The change is so different

I was in high school. I went to a private school my whole life. Very guarded and always kind of in a bubble. I found the wrong crowd and I needed to impress them, you know, peer pressure was my biggest thing. And the first thing, of course is smoking marijuana. “Oh, that’s not bad.” But it quickly escalated. Like, when I mean quickly, probably within a few months it went to cocaine and then it went straight to pills.

I lived in Orlando, Florida, which we called the pill capital because it’s so easy for us to get pills from there, from any doctor. They’re all over the place. Every corner there was a 30-minute clinic. So we would just hop in there, get a script [prescription], hop to the next one. You didn’t even need insurance. Nothing.

Go from a doctor to another doctor to another doctor and have all these pills and just come home and have a party. It just basically went from, you know, roxies to oxies. And then we slid into some Xanax and Valium and all those. And it was just a real bad mix. I would just black out and not remember anything.

A boyfriend of mine had passed away due to overdosing. That made me realize I needed to get my stuff together because I really should have been in a coffin next to that person.

My mom didn’t let it get that far. She sent me to Narconon Nevada when I was eighteen.

I went through withdrawal. The person that worked with me was really down to earth and she just would sit there and just listen to me. And that was the nicest thing, because I was so used to people just cutting me off, ignoring me or anything like that.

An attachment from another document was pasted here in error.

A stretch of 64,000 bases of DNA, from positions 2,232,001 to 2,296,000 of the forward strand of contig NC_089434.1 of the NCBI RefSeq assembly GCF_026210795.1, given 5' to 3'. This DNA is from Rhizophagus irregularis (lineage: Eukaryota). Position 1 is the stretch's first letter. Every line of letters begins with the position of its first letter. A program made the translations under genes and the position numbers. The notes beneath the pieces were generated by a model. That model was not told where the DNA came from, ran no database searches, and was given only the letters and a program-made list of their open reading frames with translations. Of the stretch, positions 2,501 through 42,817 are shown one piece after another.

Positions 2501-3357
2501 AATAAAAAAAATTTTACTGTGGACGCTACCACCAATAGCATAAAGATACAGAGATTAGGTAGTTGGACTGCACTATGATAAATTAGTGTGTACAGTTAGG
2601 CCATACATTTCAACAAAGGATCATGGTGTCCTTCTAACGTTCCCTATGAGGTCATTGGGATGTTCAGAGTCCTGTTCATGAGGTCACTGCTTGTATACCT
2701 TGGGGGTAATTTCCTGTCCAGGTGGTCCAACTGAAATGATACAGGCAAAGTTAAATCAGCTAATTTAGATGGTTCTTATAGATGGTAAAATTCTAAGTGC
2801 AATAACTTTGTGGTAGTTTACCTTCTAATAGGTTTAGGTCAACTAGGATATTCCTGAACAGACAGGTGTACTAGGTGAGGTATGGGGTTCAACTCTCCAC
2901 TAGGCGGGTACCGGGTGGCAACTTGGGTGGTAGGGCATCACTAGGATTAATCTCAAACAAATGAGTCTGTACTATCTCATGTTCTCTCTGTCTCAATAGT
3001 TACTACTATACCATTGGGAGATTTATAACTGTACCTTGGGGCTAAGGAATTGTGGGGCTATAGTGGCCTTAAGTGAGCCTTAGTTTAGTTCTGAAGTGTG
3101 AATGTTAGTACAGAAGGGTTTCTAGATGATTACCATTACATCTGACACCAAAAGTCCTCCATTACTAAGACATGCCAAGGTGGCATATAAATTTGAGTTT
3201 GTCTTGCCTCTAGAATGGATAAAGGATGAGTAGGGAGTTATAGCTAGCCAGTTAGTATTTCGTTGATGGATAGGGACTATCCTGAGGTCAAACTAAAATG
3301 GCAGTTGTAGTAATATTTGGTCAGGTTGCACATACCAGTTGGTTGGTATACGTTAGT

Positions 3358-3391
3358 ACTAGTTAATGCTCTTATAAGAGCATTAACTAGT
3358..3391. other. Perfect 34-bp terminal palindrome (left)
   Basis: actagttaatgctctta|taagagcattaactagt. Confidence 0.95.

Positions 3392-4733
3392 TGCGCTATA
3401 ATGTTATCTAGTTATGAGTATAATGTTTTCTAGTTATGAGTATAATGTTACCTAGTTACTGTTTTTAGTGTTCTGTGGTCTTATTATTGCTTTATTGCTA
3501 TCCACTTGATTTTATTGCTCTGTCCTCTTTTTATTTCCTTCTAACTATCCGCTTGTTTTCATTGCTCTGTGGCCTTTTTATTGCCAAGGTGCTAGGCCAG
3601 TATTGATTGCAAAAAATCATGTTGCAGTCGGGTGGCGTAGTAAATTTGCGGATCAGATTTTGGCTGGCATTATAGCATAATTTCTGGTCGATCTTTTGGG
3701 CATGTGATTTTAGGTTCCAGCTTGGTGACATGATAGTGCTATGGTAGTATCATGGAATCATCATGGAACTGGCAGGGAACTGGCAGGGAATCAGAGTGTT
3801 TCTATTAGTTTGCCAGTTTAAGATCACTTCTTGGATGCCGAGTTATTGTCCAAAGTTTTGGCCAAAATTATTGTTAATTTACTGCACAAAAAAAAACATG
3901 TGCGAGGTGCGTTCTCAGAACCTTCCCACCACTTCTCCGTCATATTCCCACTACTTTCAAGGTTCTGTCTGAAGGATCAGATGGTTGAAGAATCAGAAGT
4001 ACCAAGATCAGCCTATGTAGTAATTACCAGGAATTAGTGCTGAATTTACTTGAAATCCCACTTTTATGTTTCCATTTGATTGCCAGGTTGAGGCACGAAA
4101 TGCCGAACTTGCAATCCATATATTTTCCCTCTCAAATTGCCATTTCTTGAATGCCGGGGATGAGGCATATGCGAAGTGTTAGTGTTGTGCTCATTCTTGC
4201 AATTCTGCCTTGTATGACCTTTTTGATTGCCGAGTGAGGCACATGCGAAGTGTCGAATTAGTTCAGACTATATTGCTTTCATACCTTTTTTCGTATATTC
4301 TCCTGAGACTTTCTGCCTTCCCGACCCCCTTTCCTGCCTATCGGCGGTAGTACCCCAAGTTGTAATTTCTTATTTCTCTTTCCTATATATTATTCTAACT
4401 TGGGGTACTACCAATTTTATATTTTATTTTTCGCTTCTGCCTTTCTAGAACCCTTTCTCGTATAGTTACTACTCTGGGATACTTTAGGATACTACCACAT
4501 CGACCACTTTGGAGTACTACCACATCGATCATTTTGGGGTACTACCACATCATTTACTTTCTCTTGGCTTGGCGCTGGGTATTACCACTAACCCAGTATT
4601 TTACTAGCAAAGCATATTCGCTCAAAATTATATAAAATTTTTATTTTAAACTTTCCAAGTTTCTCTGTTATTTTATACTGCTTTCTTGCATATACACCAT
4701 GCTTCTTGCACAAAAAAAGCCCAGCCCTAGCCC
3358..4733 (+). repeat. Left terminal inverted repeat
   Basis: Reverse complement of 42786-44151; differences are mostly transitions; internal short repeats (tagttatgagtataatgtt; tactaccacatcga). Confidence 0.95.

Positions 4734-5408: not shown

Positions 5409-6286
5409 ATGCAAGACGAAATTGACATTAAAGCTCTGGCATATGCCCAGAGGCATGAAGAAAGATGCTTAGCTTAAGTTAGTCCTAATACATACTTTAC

Sauna [New Life Detox] kind of brought it all together. I’m feeling better. I’m sleeping good. You know, I feel—I don’t have any more cravings, or anything. After sauna I didn’t think I could feel better because it was so great. I felt like an all-star, but it just kept getting better.

When I finished it, it was a huge smile on my face, walking around so proud. You know, I felt really good, inside and out. The change is so different. You know, there’s no tenseness between me and my mom anymore. She’s happy to have me back, the actual me.

Narconon has given me an opportunity to help in community service, to help other people, to be happy with myself, to have a husband, to have a future family. You know, it’s given me so many things I, I can’t even put it in words. One sentence is—I can’t do it in one sentence. I can’t do it.

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